“I’m no one here,” he breathed before taking another swig of his drink. “It’s nice.”
“So what do you propose,” Snyder asked. He was feeling a little giddy, the alcohol and general fatigue going to his head. “How do we get around this impasse?”
“A wager – you challenge me in some way, something you assess to be terribly difficult but not impossible. It needs to be something where I have displayed some skill in the past.”
“Well then, it ought to be something involving a woman. That would appear to be your forte,” the smaller man snorted. “I truly believe you could charm the undergarments off of a vestal acolyte with your smooth talk.”
“Fine – a bet about charming a lady. You make the rules, so you can choose whom and how,” Tom said, playing along confidently, without blinking an eye. “If I succeed, you give the interview tomorrow your all, and if they accept, you attend the Trials as a willing bardic participant.”
“And if you fail?” Snyder demanded. “What do I earn for being the winner of this wager?”
Tom was fully aware what the half-satyr wanted.
“Your contract is fulfilled. You are free to go about your business, your identity and your whereabouts remain our secret, and I’ll even throw in a bonus honorarium, a sizeable one so you can start a new life somewhere else.”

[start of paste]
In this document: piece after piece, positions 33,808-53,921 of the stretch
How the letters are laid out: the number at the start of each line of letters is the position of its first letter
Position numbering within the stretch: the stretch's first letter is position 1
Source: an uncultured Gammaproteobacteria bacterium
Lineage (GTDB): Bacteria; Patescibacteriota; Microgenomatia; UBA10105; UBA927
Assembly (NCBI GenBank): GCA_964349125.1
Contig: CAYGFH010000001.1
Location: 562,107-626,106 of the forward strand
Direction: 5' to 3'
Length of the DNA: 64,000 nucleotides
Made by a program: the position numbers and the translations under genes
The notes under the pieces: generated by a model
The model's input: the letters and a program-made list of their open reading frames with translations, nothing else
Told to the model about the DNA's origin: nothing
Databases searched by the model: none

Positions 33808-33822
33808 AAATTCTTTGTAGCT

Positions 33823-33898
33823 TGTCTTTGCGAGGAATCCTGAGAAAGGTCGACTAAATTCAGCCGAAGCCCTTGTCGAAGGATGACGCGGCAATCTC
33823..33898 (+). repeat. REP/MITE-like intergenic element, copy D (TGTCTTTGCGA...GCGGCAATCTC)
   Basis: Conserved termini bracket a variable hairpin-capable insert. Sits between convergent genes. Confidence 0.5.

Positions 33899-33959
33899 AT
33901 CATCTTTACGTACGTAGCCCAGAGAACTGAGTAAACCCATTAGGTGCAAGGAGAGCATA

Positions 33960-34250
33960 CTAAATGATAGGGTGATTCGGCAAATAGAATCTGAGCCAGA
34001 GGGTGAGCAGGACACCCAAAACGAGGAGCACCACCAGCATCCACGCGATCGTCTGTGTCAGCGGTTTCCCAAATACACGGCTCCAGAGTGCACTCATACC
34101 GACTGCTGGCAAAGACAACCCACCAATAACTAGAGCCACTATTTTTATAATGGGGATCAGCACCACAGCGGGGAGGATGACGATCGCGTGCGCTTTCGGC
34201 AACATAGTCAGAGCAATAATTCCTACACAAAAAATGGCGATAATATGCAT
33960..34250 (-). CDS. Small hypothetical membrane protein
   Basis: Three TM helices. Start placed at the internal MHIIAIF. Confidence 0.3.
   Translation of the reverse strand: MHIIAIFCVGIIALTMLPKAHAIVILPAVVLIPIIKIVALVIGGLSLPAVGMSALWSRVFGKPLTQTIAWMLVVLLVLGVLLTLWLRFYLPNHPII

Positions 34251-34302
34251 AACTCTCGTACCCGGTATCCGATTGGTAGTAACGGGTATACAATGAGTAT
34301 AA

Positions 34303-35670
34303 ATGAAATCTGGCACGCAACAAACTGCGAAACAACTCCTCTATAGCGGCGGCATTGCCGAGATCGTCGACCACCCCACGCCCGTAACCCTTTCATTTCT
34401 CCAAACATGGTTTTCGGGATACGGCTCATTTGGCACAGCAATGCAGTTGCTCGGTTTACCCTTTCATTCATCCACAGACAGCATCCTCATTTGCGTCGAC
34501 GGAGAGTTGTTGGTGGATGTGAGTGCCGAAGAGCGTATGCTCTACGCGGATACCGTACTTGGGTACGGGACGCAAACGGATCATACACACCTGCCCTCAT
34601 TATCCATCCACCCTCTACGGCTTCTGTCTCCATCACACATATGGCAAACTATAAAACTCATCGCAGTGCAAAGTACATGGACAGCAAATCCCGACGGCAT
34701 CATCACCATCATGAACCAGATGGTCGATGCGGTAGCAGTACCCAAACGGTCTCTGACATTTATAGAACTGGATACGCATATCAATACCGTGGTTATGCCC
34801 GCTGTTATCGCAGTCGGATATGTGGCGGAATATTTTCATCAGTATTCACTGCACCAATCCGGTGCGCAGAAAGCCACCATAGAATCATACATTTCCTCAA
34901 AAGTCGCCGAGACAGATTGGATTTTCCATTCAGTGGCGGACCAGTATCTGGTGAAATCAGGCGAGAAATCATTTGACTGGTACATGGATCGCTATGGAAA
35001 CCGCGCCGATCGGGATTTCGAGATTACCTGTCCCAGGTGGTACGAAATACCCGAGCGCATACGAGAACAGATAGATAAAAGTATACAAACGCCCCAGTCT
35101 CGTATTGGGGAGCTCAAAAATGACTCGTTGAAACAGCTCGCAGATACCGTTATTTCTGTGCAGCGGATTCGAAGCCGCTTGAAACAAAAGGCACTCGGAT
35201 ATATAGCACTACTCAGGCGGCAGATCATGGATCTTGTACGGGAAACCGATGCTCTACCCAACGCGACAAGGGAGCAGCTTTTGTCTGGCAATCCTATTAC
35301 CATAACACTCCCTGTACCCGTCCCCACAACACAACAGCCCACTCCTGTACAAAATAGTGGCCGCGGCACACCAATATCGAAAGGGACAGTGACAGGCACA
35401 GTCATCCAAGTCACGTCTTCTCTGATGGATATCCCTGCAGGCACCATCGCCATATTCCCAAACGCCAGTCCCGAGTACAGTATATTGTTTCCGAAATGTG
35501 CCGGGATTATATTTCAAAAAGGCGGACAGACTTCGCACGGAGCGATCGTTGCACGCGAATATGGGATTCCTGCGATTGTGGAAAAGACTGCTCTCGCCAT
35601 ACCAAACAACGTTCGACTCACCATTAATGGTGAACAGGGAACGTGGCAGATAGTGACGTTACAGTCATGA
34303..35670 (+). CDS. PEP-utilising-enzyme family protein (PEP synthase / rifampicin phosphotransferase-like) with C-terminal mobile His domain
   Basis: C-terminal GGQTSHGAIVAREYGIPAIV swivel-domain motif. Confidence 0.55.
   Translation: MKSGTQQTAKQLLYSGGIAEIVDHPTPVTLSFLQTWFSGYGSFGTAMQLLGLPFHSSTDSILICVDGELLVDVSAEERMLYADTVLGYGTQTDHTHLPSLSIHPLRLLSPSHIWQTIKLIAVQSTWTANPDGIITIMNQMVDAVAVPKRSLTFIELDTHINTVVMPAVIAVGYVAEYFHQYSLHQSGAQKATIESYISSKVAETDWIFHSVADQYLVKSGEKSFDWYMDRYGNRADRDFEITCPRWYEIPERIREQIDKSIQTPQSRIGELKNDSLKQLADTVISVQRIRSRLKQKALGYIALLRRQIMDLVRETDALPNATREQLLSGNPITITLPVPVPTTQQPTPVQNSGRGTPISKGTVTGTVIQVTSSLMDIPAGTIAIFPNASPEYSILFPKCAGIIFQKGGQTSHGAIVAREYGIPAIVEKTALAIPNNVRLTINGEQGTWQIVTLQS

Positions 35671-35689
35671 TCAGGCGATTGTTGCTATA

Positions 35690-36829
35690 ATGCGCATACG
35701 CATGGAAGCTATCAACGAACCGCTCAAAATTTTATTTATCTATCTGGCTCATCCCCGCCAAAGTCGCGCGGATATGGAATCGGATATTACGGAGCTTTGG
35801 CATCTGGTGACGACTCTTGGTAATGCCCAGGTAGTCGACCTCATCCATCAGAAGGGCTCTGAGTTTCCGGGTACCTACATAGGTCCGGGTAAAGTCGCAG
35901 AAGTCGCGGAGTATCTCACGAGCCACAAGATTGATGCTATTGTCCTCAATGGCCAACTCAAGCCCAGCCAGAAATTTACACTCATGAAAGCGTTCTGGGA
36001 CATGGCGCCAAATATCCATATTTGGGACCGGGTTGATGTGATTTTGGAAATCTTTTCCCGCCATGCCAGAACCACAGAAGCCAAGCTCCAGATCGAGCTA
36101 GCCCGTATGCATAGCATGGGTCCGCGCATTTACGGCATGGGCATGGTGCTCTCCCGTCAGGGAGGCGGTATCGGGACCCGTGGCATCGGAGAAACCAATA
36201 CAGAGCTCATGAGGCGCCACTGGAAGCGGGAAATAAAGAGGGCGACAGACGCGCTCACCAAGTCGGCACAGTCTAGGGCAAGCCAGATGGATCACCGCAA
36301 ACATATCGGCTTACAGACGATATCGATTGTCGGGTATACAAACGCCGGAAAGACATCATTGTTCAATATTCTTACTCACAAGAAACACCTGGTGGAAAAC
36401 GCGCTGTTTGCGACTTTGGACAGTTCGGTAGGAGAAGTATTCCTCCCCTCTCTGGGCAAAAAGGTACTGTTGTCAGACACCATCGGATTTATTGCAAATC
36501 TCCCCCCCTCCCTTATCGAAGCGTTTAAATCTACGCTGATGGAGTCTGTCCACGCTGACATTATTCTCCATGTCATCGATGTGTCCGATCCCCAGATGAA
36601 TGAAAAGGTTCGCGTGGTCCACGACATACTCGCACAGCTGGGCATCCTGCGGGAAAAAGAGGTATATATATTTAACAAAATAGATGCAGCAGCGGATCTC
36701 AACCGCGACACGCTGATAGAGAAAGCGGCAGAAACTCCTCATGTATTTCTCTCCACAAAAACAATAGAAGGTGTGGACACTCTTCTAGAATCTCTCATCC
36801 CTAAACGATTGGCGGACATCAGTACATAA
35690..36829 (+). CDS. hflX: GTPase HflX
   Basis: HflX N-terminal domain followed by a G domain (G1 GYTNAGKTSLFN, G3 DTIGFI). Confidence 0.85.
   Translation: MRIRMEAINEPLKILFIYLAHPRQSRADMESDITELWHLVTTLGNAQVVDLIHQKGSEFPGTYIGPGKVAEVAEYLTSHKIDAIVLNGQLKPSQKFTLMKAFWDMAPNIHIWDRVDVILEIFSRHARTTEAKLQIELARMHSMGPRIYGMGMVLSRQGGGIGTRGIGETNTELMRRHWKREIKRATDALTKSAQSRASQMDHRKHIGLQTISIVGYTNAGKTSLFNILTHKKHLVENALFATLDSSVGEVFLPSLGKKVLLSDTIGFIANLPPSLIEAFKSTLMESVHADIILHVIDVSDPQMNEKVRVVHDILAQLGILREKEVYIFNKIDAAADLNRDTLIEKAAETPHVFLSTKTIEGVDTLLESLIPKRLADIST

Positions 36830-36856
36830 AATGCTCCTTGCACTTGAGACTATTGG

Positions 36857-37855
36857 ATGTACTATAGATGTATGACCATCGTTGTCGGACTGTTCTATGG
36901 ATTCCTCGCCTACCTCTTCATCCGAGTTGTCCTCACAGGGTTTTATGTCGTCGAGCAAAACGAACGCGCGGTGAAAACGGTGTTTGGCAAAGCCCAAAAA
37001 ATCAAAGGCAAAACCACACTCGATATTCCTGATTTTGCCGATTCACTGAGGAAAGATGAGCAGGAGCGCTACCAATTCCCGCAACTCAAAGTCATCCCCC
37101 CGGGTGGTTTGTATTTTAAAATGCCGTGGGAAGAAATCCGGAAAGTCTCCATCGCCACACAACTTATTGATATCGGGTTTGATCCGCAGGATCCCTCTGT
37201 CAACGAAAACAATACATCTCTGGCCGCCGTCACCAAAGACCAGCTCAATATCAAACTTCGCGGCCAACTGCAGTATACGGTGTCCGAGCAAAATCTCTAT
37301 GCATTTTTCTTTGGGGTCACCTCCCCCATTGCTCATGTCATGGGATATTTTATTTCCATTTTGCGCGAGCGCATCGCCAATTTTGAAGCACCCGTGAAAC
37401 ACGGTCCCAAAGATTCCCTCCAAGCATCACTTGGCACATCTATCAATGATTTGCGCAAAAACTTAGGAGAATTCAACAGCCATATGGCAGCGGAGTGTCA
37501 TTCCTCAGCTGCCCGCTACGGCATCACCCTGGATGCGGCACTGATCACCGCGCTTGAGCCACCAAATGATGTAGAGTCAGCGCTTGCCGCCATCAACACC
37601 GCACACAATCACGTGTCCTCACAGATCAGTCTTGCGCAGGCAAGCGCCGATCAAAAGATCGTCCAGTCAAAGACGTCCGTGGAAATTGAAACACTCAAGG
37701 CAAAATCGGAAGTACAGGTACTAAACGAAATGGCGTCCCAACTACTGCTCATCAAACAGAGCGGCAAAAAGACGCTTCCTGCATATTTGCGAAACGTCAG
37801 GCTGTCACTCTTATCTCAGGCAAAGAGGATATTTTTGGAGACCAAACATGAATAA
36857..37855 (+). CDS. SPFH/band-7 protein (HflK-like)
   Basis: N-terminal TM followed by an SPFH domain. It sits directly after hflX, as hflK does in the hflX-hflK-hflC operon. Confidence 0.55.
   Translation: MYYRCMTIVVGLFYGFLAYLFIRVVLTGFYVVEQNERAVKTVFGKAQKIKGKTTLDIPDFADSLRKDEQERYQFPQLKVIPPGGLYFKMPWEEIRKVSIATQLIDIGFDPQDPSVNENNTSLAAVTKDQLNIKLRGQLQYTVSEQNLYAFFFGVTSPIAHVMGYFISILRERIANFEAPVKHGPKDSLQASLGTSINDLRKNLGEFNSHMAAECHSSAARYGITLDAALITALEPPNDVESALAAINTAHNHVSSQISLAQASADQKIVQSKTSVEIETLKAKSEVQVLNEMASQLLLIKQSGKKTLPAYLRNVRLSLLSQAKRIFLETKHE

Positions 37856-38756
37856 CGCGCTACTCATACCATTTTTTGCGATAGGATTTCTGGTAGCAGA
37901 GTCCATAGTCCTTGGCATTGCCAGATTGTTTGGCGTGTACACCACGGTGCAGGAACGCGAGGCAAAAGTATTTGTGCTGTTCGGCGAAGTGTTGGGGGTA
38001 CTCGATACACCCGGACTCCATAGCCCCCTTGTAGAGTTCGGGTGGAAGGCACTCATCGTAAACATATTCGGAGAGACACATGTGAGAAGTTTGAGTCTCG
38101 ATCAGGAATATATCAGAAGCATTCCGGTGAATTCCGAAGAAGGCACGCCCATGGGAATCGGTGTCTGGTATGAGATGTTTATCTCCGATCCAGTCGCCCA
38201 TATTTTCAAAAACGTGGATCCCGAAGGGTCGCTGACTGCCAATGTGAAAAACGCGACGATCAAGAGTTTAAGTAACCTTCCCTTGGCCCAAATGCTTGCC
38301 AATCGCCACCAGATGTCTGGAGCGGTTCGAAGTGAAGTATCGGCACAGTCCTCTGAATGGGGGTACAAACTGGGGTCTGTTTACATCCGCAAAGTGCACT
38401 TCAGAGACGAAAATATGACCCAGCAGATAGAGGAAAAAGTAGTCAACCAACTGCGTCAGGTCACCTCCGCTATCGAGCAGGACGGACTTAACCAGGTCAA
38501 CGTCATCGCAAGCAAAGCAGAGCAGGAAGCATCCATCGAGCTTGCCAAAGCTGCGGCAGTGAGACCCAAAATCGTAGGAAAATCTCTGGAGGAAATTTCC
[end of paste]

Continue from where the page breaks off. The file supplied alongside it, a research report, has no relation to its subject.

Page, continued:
Tom knew that once they noticed in Seaforest that he and Snyder were gone, they would start investigating his companion. It meant that for his own sake, Snyder should not return when this Mgic University business was done. As far as Tom was concerned, this was the final test of his teaching anyway. They were done with each other one way or another.
Another sip of the liquor that continued to fog Snyder’s brain and he was starting to think that the wager sounded fair, but not fair enough. This was no common man’s tavern. The clientele here had wealth and showed it. In his average man’s clothing, Snyder looked like a derelict surrounded by high society grandeur. They would not be swayed by Tom’s flashy garb or noble grooming. Those things would not differentiate him from the other men present. No, what would allow Tom to win a lady over was his charming devil’s tongue, and if that failed him, he could resort to magic. None of his spells were illegal in Alma, unlike Seaforest. Snyder had to remove those tools, as a stipulation.
“I’ll agree to your wager on three conditions: one – no spells, since I could capture the heart of any lady here by that means myself, two – as you mentioned, I get to choose your target, and I can guarantee you, I’ll be particular…” The half-satyr was grinning now, his eyes bright with mirth and alcohol.
“You don’t get to speak a word – or sing one, either.”
That last condition threw Tom a little. That was one of the things he would normally rely on. Sweet seductive words, sincere flattery, a romantic ballad to stir her heart, they were all methods of winning a woman’s fondness.
“So if I manage to lure the lady of your choice up those stairs without spells and without uttering a word to her, you’ll do as I ask regarding the Trials?” The younger man presented the situation as if he did not expect to fail, despite the obstacles that Snyder had thrown his way. “The prize will be twofold for me.”
“If you succeed, yes,” Snyder conceded. “But if you fail, you either go on to the Trials without me or return home alone, without argument.”